Judge: Two years sober to drop felony
An Atlanta man who told Aspen police he was taking a locked motorcycle to his friend Sean Connery this summer pleaded guilty to felony criminal mischief Monday.
However, the felony conviction will be wiped from Kyle Edwards’ criminal record if he stays out of trouble for the next two years, according to a plea deal. Edwards, 21, will be on supervised probation in South Carolina, where he attends college, for those two years and must undergo monitored sobriety tests, District Judge Gail Nichols said.
Edwards and another man, Michael Dickinson, 24, of South Africa, were confronted by police early in the morning in late July as they tried to push a motorcycle with a cable lock around the rear wheel across the intersection of South Mill Street and East Hopkins Avenue, according to a police report.
The men admitted they’d been drinking, and Edwards said they wanted to take the bike back to their friend’s house. When the officer asked the friend’s name, Edwards told him it was “Sean Connery,” the report states.
Later, as an officer attempted to arrest Edwards, he broke away from the officer, began running into Mill Street, smacked into the front of the officer’s patrol car and fell to the ground.
Dickinson pleaded guilty to a similar charge last month, was placed on unsupervised probation and allowed to return to South Africa. His conviction also will be wiped from his record if he stays out of trouble for the next two years.
In other court news
• A 30-year-old former Aspen resident will have two felony convictions on his criminal record and have to spend about a month and a half in jail for repeatedly violating his probation.
Michael Kulik pleaded guilty to theft and drug charges in Aspen in 2012 and was sentenced to three years of probation. He was allowed to move to Minnesota and could have had the charges removed from his record if he’d toed the line and stayed out of trouble. However, Kulik ignored his probation officer after February 2013 and was arrested in Minneapolis in 2013 for stealing more than $600 worth of items from a department store.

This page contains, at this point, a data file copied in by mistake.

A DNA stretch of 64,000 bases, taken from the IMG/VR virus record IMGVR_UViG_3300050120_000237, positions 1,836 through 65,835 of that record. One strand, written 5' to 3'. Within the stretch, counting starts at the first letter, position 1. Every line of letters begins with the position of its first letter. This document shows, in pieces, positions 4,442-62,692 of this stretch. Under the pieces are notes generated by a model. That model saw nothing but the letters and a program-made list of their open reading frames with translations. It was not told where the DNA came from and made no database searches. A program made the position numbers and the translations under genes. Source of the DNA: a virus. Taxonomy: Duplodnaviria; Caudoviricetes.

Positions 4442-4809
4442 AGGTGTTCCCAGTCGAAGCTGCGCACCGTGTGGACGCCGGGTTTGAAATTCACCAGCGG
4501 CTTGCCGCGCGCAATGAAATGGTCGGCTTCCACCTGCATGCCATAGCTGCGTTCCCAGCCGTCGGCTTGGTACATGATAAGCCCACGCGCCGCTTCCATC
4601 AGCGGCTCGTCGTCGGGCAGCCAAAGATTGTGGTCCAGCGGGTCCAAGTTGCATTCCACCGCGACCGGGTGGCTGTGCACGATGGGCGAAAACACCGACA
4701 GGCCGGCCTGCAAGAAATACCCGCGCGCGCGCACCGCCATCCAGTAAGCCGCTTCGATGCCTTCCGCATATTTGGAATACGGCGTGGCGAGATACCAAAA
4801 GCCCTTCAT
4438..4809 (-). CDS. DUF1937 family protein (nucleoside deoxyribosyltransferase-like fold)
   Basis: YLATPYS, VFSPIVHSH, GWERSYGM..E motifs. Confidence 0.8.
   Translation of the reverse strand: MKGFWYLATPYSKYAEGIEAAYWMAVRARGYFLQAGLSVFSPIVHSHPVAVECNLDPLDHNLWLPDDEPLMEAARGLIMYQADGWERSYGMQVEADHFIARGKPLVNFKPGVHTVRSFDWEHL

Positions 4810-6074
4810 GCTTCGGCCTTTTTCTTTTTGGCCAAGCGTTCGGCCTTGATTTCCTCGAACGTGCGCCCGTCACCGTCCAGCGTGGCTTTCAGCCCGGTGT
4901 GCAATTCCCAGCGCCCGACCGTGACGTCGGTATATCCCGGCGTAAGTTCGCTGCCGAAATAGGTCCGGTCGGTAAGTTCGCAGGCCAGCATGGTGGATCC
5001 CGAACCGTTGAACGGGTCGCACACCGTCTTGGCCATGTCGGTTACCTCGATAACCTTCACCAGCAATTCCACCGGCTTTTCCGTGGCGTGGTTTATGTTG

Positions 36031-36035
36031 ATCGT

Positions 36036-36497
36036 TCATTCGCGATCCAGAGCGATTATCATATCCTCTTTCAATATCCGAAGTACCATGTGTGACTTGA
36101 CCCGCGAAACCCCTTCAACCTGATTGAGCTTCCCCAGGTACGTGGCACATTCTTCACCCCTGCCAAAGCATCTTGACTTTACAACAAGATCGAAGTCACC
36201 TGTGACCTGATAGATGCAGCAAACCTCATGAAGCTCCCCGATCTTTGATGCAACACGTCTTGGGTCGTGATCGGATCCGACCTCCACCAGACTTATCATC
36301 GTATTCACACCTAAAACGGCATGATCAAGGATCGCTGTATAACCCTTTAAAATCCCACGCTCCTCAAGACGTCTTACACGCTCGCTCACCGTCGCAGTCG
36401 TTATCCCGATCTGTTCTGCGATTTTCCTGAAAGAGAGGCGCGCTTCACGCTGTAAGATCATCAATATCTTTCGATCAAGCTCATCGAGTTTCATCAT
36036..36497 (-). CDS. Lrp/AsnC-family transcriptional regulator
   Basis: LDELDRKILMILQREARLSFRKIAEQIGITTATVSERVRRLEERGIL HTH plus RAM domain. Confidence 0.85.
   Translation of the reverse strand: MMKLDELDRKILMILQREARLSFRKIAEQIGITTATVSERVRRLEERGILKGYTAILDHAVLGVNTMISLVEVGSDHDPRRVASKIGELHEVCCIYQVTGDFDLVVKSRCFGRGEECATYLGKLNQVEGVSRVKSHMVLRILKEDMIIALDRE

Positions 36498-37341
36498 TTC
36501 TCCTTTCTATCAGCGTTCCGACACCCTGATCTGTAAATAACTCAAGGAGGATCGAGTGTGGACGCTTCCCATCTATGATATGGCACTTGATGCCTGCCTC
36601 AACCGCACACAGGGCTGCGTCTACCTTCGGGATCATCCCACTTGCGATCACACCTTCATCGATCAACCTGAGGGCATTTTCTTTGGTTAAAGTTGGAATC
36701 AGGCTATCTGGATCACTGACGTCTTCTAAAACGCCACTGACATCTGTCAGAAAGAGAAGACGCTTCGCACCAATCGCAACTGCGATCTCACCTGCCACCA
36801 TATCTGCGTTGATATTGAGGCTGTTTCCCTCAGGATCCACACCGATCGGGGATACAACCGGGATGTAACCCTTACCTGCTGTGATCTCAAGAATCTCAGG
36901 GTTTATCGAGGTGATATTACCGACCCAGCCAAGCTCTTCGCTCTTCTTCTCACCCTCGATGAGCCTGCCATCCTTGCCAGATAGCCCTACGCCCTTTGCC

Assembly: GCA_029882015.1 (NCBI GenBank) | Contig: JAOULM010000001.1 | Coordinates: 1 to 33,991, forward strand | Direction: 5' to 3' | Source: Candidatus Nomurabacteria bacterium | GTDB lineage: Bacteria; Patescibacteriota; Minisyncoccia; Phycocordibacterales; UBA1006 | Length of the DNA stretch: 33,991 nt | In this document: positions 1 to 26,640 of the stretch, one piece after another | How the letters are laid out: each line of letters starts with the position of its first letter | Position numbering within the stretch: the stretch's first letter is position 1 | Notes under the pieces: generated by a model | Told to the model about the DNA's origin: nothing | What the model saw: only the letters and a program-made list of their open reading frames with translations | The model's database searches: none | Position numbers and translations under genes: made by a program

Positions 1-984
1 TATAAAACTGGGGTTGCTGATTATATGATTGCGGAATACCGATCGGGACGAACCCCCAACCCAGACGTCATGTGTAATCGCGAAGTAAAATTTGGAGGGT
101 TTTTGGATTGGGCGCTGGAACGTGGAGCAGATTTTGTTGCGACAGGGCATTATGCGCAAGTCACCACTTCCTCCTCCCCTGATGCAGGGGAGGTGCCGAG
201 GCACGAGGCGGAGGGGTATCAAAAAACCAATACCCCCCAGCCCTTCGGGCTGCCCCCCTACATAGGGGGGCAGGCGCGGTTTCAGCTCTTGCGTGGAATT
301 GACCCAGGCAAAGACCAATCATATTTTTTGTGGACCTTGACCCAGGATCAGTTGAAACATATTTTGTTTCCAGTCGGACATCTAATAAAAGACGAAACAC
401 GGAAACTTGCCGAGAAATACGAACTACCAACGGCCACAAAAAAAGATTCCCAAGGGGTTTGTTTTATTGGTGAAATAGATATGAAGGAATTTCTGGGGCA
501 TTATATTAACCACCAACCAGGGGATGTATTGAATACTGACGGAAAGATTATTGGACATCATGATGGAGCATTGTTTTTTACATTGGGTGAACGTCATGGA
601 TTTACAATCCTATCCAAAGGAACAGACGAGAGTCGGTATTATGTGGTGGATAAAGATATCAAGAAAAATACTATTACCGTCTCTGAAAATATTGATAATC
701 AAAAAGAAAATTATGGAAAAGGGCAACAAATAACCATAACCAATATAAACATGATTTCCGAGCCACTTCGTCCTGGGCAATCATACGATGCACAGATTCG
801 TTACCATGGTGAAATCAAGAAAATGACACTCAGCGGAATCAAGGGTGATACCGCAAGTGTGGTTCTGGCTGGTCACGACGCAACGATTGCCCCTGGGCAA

He was extradited back to Aspen from Minnesota in September.
Colorado’s probation department recommended he serve two consecutive 90-day sentences for the offenses. However, Nichols sentenced him to two concurrent 90-day sentences and gave him credit for 46 days already served.
Kulik pleaded guilty in 2012 to stealing more than $2,400 from his Aspen employer as well as possessing cocaine.
• Two Aspen High School students who broke into a classmate’s family’s home in Snowmass Village in September and threw a party each pleaded guilty to a felony charge Monday.
The 16-year-old and 17-year-old must stay out of trouble for the next year and the felony charge of second-degree burglary will be expunged from their criminal records. Another 17-year-old accepted a similar plea deal earlier this month.
The three teens originally faced three felonies each — burglary, criminal trespassing and conspiracy to commit burglary — as well as misdemeanor theft for the incident. The teens allegedly also stole alcohol and clothes from the home when the family was out of town on vacation.
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Wildlife questions, future development intentions cited in Garfield County’s denial of Aspen Glen request to remove eagle protections
Voting last week to deny a request by property owners to remove a protective bald eagle buffer zone at Aspen Glen near Carbondale was the first step for Garfield County Commissioners John Martin and Mike Samson. The second step came Monday when they put their thoughts to paper, spelling out six specific reasons in a formal resolution denying the request.